Saturday, February 20, 2010

Seeing like a slime mold

Land reforms instituted in Vietnam under French rule, in India under the British, and in rural czarist Russia introduced simplified rights of ownership and standardized measurements of size and shape that were primarily for the benefit of the state, e.g., for tax purposes. James C. Scott’s Seeing as a State: How Certain Schemes to Improve the Human Condition Have Failed gives these and numerous other examples of ways in which standardization and simplification have been used by the state to make legible and control resources (and people) within its borders. He recounts cases of how the imposition of such standardization often fails or at least has unintended negative consequences, such as his example of German scientific forestry’s introduction of a monoculture of Norway spruce or Scotch pine designed to maximize lumber production, but which led to die-offs a century later. (The monoculture problem of reduced resilience/increased vulnerability is one which has been recognized in an information security context, as well, e.g., in Dan Geer et al.'s paper on Microsoft monoculture that got him fired from @stake and his more recent work.)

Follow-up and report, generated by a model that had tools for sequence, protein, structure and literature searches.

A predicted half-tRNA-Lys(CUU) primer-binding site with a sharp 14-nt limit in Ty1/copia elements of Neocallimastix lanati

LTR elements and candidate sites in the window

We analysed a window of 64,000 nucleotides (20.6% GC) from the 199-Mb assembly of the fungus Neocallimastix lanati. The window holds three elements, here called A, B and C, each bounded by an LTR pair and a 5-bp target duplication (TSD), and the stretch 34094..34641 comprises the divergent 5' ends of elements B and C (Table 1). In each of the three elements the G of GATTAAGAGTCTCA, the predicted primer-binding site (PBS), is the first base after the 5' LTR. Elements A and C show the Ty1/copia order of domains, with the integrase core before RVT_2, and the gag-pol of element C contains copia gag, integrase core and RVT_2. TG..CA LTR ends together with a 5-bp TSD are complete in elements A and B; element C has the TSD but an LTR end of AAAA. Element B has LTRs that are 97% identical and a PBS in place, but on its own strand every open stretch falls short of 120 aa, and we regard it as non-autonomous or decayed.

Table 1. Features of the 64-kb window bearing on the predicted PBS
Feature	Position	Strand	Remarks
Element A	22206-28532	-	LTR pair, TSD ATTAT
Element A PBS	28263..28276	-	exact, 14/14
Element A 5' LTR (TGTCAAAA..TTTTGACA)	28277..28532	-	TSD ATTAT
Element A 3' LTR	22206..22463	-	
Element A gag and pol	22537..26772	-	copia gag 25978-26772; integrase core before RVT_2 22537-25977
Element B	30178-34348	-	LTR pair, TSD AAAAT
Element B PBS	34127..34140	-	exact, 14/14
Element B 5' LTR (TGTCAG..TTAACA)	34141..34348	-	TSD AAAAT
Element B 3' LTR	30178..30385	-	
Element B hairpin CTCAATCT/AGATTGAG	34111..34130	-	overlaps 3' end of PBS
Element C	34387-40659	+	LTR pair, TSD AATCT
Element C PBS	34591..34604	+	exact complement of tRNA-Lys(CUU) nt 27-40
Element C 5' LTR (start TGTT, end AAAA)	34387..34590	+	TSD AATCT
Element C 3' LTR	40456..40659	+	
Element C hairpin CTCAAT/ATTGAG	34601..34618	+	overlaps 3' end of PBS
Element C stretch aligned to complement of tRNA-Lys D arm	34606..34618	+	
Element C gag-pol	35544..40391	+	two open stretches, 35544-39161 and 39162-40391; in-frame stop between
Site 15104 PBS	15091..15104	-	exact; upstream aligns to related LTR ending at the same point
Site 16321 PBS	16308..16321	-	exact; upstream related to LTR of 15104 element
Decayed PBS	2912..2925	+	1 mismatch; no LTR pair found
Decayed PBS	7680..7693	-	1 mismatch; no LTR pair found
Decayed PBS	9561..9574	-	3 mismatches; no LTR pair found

Scott’s examples of state-imposed uniformity should not, however, be misconstrued to infer that any case of uniformity is state-imposed, or that such regularities, even if state-imposed, don't have underlying natural constraints. Formalized institutions of property registration and title have appeared in the crevices between states, for example in the squatter community of Kowloon Walled City that existed from 1947-1993 on a piece of the Kowloon peninsula that was claimed by both China and Britain, yet governed by neither. While the institutions of Kowloon Walled City may have been patterned after those familiar to its residents from the outside world, they were internally imposed rather than by a state.